My son’s baseball season started recently. So, for the last couple of weeks, we’ve been going out back and throwing the ball around almost every day. Just me and him. His sister is playing softball but she doesn’t have the same interest in it and her skill level is not as high. She’s younger. He’s almost 12.
He’s decided that this year, he really wants to take pitching seriously, really wants to make the effort. And he’s willing to put the time in by practicing. I’m his catcher. We take the bases out back, measure off the distance and start throwing. And he’s doing great. I think he really has potential. But it’s not easy for me to get in the catching position. I am 43 years old and a little out of shape. But at least I still have my arm. So he and I go and we throw the baseball. Really throw hard. And we laugh. A lot. About really silly things, like how the way I crouch down to catch his pitches makes my butt stick out.
My son started playing baseball when he was 5, in T-ball. For those first few years, he would stand in the outfield looking at the clouds and the butterflies. But I couldn’t wait for the day to come when he and I could play catch together, really play catch. It happened two years ago. I was still using my old softball glove from high school. (I am proud to say that I was Co-Captain of my high school varsity softball team.) The leather in the glove was a little thin and I sprained my finger when I caught a ball in the wrong spot. I had to get a new glove. That was how hard he started throwing two years ago, at the age of 10.
There’s a parenting metaphor in here somewhere between his changing skill level in baseball and his changing need for his mom. In the beginning, in T-ball, he needed a lot of teaching and patience. He couldn’t do it on his own because he was just starting out, didn’t know how to throw or hit. At home, he also had a very physical need for me, making his dinner, helping him get ready for bed, lots of time spent reading together.
Now, he’s on the cusp of surpassing me with his skills and his physical strength and, of course, his height. In baseball, we’ve become even in many ways. We can both throw the ball hard and accurate. But I can’t pitch. He still needs me on a daily basis but in a different, less physical, way. He needs my guidance, my encouragement and some urging (get your homework done, clean your room, hang your towel up). He wants me to hug and kiss him, but not when I pick him up at school. He can make his own dinner and when he showers and gets ready for bed, he locks the door. Though I still kiss him goodnight and tuck him in when he’s done.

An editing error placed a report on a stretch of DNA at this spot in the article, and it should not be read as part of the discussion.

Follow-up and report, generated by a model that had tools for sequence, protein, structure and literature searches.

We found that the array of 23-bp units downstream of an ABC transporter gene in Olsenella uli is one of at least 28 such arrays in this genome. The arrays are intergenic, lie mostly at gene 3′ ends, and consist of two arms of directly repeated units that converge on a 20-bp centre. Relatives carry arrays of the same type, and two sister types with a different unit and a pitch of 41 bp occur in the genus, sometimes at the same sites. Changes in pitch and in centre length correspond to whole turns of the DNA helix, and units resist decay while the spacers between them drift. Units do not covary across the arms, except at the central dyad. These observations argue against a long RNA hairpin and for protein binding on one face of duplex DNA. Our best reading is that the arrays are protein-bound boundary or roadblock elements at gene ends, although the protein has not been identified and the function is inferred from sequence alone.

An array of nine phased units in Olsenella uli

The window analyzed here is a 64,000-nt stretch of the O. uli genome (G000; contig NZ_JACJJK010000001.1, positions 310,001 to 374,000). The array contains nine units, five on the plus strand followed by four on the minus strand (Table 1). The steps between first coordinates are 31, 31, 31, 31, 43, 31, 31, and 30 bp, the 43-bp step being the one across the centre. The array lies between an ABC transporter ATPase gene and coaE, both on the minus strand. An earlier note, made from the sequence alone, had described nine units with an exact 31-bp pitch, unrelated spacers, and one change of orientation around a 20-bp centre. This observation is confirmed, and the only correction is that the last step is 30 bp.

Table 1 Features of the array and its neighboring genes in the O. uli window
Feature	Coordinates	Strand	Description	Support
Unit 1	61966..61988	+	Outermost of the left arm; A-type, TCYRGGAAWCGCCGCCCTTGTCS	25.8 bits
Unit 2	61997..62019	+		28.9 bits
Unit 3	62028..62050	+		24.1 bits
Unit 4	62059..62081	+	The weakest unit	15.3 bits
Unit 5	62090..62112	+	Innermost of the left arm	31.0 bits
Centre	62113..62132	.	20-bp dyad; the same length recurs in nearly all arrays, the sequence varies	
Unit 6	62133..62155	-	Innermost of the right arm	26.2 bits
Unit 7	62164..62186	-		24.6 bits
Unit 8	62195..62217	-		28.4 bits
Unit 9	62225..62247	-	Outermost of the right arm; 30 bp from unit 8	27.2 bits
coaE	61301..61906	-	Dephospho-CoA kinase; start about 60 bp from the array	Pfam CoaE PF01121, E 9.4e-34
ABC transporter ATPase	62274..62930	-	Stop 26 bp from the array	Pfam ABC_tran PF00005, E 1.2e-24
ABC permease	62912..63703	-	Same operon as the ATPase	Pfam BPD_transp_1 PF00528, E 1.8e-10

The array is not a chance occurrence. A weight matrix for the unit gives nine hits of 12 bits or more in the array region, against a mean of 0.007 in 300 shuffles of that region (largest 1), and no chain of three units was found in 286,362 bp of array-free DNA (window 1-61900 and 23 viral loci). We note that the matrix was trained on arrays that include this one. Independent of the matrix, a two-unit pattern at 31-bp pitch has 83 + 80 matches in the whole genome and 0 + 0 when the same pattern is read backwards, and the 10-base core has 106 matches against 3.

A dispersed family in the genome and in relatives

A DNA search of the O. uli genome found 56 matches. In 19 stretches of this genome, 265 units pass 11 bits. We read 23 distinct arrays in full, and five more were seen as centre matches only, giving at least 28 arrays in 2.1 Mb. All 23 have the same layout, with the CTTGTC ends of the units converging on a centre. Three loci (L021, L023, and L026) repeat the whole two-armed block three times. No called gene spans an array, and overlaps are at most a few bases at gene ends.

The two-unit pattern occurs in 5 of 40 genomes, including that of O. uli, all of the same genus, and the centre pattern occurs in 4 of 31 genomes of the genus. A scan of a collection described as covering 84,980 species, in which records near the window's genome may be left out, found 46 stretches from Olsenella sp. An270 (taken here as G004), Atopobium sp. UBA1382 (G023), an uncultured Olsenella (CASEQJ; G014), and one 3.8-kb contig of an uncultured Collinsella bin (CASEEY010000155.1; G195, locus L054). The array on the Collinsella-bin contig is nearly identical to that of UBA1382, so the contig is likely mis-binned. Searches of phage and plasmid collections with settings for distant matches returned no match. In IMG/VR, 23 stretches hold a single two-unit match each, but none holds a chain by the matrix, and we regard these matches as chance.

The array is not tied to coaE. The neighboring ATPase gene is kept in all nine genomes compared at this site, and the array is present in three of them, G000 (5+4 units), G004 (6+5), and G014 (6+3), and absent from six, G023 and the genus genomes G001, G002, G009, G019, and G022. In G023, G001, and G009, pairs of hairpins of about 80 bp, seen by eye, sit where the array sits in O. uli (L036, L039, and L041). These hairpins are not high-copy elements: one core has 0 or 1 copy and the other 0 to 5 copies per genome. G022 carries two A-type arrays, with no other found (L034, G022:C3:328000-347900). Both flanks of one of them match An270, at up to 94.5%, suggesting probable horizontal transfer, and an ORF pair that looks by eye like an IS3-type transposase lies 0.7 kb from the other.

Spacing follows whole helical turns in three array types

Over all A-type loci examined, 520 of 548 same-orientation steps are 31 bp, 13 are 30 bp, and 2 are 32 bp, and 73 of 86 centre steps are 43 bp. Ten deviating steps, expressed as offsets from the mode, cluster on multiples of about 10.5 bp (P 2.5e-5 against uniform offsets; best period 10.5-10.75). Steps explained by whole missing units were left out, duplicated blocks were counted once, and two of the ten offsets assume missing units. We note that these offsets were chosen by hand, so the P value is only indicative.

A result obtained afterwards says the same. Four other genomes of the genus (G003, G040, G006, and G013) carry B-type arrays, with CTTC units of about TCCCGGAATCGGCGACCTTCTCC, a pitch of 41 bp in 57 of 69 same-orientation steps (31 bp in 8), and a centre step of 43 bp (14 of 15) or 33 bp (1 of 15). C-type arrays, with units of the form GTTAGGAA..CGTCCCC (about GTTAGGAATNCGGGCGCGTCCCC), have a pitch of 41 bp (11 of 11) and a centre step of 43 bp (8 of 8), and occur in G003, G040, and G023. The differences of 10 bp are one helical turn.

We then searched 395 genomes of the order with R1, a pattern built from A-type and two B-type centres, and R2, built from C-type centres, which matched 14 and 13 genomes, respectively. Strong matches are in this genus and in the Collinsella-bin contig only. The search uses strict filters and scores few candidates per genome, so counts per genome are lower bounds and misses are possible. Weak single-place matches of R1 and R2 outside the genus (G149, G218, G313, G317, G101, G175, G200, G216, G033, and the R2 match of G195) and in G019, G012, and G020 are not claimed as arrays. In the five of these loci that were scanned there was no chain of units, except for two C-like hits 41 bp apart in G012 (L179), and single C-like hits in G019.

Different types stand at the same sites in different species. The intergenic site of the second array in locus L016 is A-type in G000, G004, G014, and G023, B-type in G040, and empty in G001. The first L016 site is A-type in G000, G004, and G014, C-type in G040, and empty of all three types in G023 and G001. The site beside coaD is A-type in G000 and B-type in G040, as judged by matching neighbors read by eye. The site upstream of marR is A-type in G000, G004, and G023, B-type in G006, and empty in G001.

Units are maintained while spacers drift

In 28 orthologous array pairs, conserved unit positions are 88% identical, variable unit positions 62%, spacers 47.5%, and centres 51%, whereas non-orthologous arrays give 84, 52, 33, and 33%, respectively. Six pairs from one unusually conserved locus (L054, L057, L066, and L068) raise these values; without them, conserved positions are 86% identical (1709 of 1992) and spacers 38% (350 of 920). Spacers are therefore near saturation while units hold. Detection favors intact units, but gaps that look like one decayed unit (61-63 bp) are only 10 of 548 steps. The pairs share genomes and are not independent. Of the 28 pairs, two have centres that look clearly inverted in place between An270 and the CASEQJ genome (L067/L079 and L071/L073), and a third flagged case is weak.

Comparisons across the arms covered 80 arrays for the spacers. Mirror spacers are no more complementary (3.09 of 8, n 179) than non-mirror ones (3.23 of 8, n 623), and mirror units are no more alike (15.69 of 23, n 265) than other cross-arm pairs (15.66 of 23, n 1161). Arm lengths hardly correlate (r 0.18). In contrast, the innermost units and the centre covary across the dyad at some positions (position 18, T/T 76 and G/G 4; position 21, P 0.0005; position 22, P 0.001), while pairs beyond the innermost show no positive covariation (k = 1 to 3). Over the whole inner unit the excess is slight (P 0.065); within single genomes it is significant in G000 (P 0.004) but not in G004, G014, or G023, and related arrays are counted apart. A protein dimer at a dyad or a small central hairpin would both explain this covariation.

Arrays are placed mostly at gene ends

In another year or two, as his skill increases and he goes to high school, I imagine he’ll need me less. He’ll be stronger than me and a better ball player. Hopefully, he’ll still want to play catch with me. He may even teach me a thing or two. I hope he cleans his room and hangs up his towel without me asking him to. And, by then, I’ll have taught him how to do his own laundry. He’ll still need his mom but in a more cerebral and emotional way. And that’s okay with me. As long as he still lets me hug and kiss him. Giving my children their independence is probably one of the best things I can do for them.
So, for now, I’ll play catch with him whenever he wants me to. And when he throws the ball so hard that my hand stings, I’ll grin and bear it. And I’ll be happy to be sore in order to spend this kind of time with him. Just the two of us. He thinks it’s cool. So do I. He says he doesn’t know any other 43 year old mom with an arm like mine. This time we spend together is better than any words that I can say to him about growing up and becoming a teenager. And it is in these moments that I experience pure joy. A feeling I wish I had more of in my life. But pure joy is hard to come by that often, not with the trials and tribulations of everyday life: viruses, broken wrists, bad days at work, mean girls in 4th grade, economic depressions.
I love playing baseball with my son.